- For one, there isn’t a consensus on family meal frequency. As a result we're left completely in the dark regarding the minimum number of meals needed to get a positive outcome.
- Neither does research explore whether it makes a difference if dinner is with two parents or one or whether the family meal even needs to be dinner.
- And they practically all focus on adolescents, thus side-stepping the important younger childhood years.
In fact, a more comprehensive study found “little evidence for beneficial effects of a frequent family meal” suggesting that shared family meals might not be the cause of happier and healthier children after all.
So stop beating yourself up about not sitting at the table with your kids. Turns out that it’s an idealised picture and highly overrated.
Don’t Count The Things You Do, Do The Things That Count
Now here comes the good part: You can reap the same rewards from different routines and rituals. So if daily family dinners just don’t work for you, forget about it!
Don’t get me wrong, we can’t just ignore all the positives of shared meals, but it seems we’ve been hung up on the wrong things. We need to shift focus.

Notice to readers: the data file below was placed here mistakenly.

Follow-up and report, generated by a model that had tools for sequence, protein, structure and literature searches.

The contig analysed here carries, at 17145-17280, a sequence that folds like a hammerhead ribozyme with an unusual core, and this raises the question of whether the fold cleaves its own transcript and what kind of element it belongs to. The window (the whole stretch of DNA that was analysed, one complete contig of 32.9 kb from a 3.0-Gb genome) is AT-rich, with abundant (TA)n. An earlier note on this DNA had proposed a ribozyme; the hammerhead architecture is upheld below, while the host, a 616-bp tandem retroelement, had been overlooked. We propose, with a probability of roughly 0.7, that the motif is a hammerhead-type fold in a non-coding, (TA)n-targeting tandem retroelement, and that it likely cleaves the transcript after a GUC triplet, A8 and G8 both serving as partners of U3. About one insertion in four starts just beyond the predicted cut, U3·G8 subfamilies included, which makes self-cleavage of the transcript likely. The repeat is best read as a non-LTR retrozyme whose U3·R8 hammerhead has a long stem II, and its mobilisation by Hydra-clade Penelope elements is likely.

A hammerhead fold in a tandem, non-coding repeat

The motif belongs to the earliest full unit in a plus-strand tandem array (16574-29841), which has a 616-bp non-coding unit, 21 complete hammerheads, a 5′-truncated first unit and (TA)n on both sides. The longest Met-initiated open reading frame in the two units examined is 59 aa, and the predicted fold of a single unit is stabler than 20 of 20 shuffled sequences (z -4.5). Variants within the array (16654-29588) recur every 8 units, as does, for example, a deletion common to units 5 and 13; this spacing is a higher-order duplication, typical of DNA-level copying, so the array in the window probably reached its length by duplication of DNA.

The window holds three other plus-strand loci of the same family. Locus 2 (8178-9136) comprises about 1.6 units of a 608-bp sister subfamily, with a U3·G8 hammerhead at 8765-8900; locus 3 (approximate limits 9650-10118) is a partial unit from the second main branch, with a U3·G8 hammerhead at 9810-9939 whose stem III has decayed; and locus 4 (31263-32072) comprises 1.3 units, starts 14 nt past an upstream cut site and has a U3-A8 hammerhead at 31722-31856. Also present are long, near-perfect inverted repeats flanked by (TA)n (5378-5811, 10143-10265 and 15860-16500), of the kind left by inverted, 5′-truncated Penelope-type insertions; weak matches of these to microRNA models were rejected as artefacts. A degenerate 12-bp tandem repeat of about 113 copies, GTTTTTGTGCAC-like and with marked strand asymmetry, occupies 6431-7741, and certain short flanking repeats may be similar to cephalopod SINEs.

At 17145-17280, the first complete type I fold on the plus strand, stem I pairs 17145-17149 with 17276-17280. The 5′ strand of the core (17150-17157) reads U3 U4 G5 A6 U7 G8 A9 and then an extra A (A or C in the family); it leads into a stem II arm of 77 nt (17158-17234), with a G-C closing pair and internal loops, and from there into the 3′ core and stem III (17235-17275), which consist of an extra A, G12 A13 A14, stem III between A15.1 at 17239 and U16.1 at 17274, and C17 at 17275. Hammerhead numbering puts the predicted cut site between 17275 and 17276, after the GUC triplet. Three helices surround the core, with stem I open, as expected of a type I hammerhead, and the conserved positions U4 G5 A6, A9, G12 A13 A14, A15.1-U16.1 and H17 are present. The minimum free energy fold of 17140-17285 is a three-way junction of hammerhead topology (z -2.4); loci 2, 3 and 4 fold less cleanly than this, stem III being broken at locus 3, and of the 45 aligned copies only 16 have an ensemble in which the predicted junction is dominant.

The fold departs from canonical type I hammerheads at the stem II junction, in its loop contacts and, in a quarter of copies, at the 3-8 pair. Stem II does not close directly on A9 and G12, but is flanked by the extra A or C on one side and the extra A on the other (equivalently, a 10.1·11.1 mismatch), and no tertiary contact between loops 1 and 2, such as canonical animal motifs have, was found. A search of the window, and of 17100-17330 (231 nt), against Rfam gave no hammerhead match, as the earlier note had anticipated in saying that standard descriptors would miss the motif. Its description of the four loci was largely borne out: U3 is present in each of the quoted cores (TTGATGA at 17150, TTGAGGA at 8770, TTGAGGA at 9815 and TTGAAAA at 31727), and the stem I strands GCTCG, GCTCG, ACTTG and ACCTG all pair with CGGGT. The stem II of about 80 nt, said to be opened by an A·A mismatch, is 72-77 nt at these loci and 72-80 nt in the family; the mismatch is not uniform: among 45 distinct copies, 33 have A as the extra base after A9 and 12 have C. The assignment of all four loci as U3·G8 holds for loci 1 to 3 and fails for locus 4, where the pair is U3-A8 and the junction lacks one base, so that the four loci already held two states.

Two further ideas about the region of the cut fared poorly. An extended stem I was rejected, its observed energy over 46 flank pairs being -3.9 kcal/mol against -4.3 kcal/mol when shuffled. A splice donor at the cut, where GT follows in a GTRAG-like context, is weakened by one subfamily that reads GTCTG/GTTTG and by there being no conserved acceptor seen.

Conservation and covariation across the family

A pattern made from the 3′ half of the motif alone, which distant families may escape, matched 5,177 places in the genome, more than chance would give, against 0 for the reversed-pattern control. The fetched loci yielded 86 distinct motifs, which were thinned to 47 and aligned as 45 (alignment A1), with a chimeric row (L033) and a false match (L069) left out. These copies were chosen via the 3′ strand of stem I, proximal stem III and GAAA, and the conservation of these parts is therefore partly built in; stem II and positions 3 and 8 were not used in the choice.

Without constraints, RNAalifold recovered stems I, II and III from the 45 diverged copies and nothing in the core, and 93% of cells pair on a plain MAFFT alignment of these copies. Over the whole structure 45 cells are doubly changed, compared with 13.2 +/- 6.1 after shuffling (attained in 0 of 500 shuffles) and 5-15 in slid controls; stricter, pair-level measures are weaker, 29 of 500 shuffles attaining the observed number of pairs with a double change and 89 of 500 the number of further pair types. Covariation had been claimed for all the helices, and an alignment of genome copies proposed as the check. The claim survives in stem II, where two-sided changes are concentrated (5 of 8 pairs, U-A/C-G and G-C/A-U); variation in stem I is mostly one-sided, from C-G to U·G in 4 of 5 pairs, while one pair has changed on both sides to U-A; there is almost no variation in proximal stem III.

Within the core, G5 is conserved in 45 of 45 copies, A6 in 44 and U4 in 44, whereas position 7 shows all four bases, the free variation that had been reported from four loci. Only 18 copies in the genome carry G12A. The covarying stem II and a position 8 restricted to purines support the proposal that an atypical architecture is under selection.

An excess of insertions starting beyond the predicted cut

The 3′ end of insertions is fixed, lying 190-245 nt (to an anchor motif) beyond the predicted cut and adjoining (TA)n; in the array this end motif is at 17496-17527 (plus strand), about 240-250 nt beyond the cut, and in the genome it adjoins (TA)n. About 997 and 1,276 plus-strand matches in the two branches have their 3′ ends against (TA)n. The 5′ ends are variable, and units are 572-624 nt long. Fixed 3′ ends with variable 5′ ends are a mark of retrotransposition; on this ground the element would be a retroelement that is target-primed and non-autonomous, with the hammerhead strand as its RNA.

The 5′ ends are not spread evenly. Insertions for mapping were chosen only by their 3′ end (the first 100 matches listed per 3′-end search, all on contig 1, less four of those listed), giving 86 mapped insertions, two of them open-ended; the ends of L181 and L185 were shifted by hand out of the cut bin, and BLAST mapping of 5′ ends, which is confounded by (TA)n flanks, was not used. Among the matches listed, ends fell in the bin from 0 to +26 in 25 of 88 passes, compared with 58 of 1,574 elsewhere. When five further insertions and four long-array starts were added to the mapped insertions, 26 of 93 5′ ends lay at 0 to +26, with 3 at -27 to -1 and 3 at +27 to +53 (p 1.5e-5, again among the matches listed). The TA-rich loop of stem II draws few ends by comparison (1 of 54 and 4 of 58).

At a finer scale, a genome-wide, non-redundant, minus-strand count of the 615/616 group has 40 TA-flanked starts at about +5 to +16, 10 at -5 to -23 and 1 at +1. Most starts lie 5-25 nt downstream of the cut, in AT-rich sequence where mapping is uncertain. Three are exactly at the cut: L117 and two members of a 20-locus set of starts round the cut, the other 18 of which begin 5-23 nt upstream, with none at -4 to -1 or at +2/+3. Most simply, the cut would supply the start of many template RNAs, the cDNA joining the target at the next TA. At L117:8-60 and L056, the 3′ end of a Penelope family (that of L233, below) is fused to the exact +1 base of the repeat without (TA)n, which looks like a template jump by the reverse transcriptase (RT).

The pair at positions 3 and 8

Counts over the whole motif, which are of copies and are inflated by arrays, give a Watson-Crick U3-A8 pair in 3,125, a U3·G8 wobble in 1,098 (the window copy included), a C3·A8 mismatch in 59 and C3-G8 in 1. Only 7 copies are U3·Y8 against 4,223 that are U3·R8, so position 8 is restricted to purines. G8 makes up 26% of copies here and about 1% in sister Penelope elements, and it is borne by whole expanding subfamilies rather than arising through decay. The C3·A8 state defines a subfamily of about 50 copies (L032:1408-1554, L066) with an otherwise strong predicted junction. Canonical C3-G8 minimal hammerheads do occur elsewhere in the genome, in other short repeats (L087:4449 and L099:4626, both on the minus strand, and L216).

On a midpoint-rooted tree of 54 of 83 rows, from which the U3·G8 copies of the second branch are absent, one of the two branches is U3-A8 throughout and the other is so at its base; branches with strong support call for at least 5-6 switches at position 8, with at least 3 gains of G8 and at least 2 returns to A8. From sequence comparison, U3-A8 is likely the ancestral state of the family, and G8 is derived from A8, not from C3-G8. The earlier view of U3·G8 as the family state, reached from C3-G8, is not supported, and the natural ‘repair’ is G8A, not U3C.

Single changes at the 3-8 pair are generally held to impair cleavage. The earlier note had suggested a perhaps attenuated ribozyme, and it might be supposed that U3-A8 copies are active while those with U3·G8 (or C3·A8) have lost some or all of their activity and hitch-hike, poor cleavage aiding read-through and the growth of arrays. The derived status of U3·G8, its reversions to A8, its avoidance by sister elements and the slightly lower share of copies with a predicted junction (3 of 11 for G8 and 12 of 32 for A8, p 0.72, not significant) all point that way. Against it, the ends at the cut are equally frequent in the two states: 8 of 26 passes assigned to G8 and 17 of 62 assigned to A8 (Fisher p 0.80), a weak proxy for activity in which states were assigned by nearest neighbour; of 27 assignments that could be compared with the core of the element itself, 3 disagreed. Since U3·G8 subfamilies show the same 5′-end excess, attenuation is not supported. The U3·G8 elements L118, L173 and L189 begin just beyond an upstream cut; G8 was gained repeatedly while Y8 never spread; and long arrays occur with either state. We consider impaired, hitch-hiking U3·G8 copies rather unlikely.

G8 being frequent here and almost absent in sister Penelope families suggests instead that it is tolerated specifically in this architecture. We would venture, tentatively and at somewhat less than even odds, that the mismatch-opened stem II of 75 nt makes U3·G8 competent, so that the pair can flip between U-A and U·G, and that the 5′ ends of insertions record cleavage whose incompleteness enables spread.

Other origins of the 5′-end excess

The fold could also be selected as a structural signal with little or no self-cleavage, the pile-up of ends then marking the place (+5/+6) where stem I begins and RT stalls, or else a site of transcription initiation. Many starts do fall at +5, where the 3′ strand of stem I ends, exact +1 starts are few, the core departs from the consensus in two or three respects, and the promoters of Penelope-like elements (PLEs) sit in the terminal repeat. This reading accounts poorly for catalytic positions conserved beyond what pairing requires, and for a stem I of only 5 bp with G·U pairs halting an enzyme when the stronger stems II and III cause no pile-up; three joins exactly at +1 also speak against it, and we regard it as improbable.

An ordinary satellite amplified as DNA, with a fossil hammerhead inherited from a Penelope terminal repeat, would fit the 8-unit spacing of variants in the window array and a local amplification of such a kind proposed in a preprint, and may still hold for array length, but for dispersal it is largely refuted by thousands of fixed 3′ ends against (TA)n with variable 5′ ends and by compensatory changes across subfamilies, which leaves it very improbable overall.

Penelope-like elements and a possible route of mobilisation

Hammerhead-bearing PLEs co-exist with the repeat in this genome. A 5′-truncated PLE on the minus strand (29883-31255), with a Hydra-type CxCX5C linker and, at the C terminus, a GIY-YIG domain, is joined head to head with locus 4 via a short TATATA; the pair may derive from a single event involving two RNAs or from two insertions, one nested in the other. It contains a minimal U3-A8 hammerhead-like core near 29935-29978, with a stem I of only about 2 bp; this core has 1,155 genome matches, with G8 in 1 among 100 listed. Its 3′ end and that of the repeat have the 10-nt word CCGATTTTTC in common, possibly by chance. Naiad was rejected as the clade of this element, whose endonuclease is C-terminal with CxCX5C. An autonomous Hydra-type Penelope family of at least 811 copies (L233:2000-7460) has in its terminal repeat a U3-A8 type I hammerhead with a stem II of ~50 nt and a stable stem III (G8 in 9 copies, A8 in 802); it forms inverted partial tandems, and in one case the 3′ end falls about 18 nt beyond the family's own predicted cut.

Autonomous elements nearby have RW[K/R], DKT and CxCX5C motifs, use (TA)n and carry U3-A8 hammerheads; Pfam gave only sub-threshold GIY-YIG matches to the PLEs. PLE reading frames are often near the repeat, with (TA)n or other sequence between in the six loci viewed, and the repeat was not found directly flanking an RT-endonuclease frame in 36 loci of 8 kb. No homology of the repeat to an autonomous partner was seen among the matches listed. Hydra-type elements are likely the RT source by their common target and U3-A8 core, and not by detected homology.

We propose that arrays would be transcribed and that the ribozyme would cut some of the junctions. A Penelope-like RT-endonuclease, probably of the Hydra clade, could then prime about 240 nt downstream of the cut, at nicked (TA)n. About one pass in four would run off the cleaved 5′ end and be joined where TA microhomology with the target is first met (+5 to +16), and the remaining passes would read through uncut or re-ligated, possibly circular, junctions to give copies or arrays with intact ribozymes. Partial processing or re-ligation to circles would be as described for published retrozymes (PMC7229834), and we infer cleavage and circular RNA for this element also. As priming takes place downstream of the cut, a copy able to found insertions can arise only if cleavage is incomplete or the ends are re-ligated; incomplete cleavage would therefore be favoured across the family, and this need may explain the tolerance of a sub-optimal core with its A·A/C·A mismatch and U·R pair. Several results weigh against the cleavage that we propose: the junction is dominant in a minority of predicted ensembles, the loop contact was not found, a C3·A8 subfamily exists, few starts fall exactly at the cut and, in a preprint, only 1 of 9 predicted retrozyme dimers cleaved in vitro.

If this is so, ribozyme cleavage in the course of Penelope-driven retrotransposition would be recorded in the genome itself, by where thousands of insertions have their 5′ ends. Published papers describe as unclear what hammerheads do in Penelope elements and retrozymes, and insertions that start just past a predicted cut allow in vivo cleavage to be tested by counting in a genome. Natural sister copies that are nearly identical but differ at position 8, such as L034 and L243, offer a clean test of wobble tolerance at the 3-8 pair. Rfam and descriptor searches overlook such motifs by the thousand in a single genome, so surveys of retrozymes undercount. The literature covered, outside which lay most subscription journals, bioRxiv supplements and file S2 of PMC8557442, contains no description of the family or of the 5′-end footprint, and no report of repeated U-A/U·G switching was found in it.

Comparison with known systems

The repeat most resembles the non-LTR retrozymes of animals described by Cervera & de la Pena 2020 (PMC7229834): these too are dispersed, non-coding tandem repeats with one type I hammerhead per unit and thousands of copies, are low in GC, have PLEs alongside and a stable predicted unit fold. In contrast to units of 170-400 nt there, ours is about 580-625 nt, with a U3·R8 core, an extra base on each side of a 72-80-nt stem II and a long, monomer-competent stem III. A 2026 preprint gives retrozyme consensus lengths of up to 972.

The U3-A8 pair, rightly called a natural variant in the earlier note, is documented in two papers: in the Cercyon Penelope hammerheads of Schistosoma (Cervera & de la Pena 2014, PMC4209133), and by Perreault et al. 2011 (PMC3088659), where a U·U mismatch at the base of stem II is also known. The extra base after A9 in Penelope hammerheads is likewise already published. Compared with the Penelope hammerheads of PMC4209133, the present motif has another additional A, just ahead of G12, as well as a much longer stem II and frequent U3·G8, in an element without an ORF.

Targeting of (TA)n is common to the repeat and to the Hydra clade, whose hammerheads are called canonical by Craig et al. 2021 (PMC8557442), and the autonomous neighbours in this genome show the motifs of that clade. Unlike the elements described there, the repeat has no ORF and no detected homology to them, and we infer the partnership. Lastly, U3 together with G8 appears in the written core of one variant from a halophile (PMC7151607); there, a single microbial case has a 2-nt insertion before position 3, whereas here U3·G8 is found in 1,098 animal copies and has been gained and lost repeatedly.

- Stop obsessing about dinner; the power behind dinner lies in the fact that it brings families together at a certain time and place at regular intervals.
- Stop focusing on quantity, also look at the quality of the interaction. Just sitting together daily ‘because you should’, eating cheese on toast, won’t do you (nor your family) any good.
The truth is that any set of activities will do:
- Where the family comes together and spends quality time together
- Where kids get to open up and speak freely, without shame or embarrassment
- Where parents get the opportunity to understand what is really going on in their child’s life and give guidance
- That happens on some kind of regular basis
Makes sense, right?
Now bear with me, because I’m going to show you how you can borrow these key elements and mold them into your own happy family routine.
Your Powerful Family Ritual
Exciting, isn’t it? You’ve been given free reign to come up with your own version of the sacred family dinner. Let’s start!
1. Pick a moment in the day or week, that you dedicate to your family
This could be meal time like breakfast, tea time or dinner, but remember it doesn’t have to be. It doesn’t have to be hours either (the average family dinner lasts just 20 minutes Fiese & Schwartz, 2008).
All that really matters, is that you choose a time when you can give your undivided attention. So make sure the timing is practical for you. Think out of the box; car journeys to and from activities can provide a beautiful safe environment for your kids to open up.